Validation method :
Calibrated Forceps: A Sensitive and Reliable Tool for Pain and Analgesia Studies, by Luis-Delgado et al. in The Journal of pain, December 2005

Scientific work :
Inflammatory Pain Upregulates Spinal Inhibition via Endogenous Neurosteroid Production, by P. Poisbeau et al. in The Journal of neuroscience, December 2005

Click on the title of one of the articles to send a request to download the PDF file

Operating principle

Bioseb's Rodent Pincher Analgesimeter: Embedded statistical computation Bioseb's Rodent Pincher Analgesimeter: Embedded statistical computation The pressure is applied in the "inter-digital" region. When used on the rat the pressure can also be applied to the tail. The instrument displays the force (in grams, newton, oz, lbs) at which the animal reacts and reports the nociception threshold.

Individual pain threshold measurements (up to 100) are stored in the internal memory, and can be downloaded post experiment. Recently an embedded statistical computation has been included in the electronic device of the algometer. This is a very useful feature that as been very well received and used by users of large numbers of tests. The display shows in real time the mean, standard deviation and variation coefficient from groups of animals (rats or mice). This feature also allows the user to cancel any analgesia test incorrectly performed.


Parameters measured

The following parameters are measured by Bioseb's rodents pincher / analgesia instrument:
• Maximum force applied as the animal reacts (movement, vocalization) (in grams, N, oz, lbs)
• Duration of the test (using Bioseb's BIO-CIS software) in seconds


Domains of application

Bioseb's Rodent Pincher Algometer can be used for a variety of research on nociception and analgesia, including:
• In vivo models evaluation of pain
• Mechanisms related to mechanical nociception
• Whenever a calibrated force is necessary

Bioseb's new pincher design: mounting of custom-made bits to suit your most specific needs and analgesia applications
Built-in components

These built-in components will make the analgesia measurement easier:
• Desktop stand for easy reading
• Footswitch to reset the zero of the rodent pincher analgesimeter while keeping hands free.
• RS232 output to transfer displayed data to a PC.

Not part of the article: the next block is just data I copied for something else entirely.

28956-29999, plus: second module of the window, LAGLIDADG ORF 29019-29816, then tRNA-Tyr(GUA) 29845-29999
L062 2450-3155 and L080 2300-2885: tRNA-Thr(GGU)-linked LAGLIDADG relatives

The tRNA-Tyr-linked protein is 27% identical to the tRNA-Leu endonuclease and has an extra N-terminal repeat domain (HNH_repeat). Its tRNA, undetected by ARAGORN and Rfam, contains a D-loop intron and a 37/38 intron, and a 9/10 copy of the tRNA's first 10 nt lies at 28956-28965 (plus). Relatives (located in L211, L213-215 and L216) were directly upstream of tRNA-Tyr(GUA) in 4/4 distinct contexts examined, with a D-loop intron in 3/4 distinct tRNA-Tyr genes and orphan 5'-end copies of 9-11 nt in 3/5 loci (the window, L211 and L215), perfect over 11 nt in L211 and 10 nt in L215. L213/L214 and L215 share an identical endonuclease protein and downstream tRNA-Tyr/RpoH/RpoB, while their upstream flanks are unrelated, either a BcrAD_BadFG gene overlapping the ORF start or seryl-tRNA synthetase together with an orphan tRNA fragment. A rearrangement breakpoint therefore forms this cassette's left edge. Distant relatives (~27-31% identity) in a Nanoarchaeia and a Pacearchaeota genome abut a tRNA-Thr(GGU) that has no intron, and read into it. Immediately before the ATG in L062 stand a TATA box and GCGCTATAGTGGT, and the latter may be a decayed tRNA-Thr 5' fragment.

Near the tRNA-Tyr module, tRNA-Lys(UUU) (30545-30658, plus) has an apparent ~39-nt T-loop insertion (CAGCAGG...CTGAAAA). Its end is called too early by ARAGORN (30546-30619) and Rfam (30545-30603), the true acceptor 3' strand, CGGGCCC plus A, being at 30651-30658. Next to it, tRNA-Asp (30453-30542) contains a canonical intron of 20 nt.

• Our new pincher design allows the mounting of custom-made bits to suit your most specific needs and applications. Please contact us if you have any special request about the pincher, and we'll do our best to cover your needs.


Options

• Our optional BIO-CIS software for Windows sends directly the displayed values in an Excel (MS) sheet. This allows the user direct access to a ready report and options for further analysis, without any re-copy error. Supplied with an RS232 cable.
• External pod to display a led light or produce a sound when reaching a preset threshold of force.
• Analog output and cable
• TTL output
• Additional sensor tests : our Electronic Von Frey probe, Small Animal Algometer come with their own calibration modules that are recognized by the electronic unit.


Supplied with

• Bench control unit (batteries and main power supply)
• One rat or mice pincher, capacity 2000 grs
• Carrying case
• Footswitch for zeroing the force and having the hands "free"
• RS232 output
• User manual


Publications (Click on an article to show details and read the abstract)

PAIN
- General pain -
Corticosterone analgesia is mediated by the spinal production of neuroactive metabolites that enhance GABAergic inhibitory transmission on dorsal horn rat neurons (2015)
Corticosterone analgesia is mediated by the spinal production of neuroactive metabolites that enhance GABAergic inhibitory transmission on dorsal horn rat neurons
Zell V, Juif PÉ, Hanesch U, Poisbeau P, Anton F, Darbon P.
Centre National de la Recherche Scientifique and University of Strasbourg, Institut des Neurosciences Cellulaires et Intégratives, Strasbourg, France
Published in "Eur J Neurosci. " (2015-02-01)

Corticosterone (CORT) is a glucocorticoid produced by adrenal glands under the control of the hypothalamic-pituitary-adrenal axis. Circulating CORT can enter the central nervous system and be reduced to neuroactive 3?5?-reduced steroids, which modulate GABAA receptors. In the dorsal spinal cord, GABAergic transmission modulates integration of nociceptive information. It has been shown that enhancing spinal inhibitory transmission alleviates hyperalgesia and allodynia. Therefore, the spinal neuronal network is a pivotal target to counteract pain symptoms. Thus, any increase in spinal 3?5?-reduced steroid production enhancing GABAergic inhibition should reduce nociceptive message integration and the pain response. Previously, it has been shown that high levels of plasma glucocorticoids give rise to analgesia. However, to our knowledge, nothing has been reported regarding direct non-genomic modulation of neuronal spinal activity by peripheral CORT. In the present study, we used combined in vivo and in vitro electrophysiology approaches, associated with measurement of nociceptive mechanical sensitivity and plasma CORT level measurement, to assess the impact of circulating CORT on rat nociception. We showed that CORT plasma level elevation produced analgesia via a reduction in C-fiber-mediated spinal responses. In the spine, CORT is reduced to the neuroactive metabolite allotetrahydrodeoxycorticosterone, which specifically enhances lamina II GABAergic synaptic transmission. The main consequence is a reduction in lamina II network excitability, reflecting a selective decrease in the processing of nociceptive inputs. The depressed neuronal activity at the spinal level then, in turn, leads to weaker nociceptive message transmission to supraspinal structures and hence to alleviation of pain.

Characterization of the fast GABAergic inhibitory action of etifoxine during spinal nociceptive processing in male rats (2014)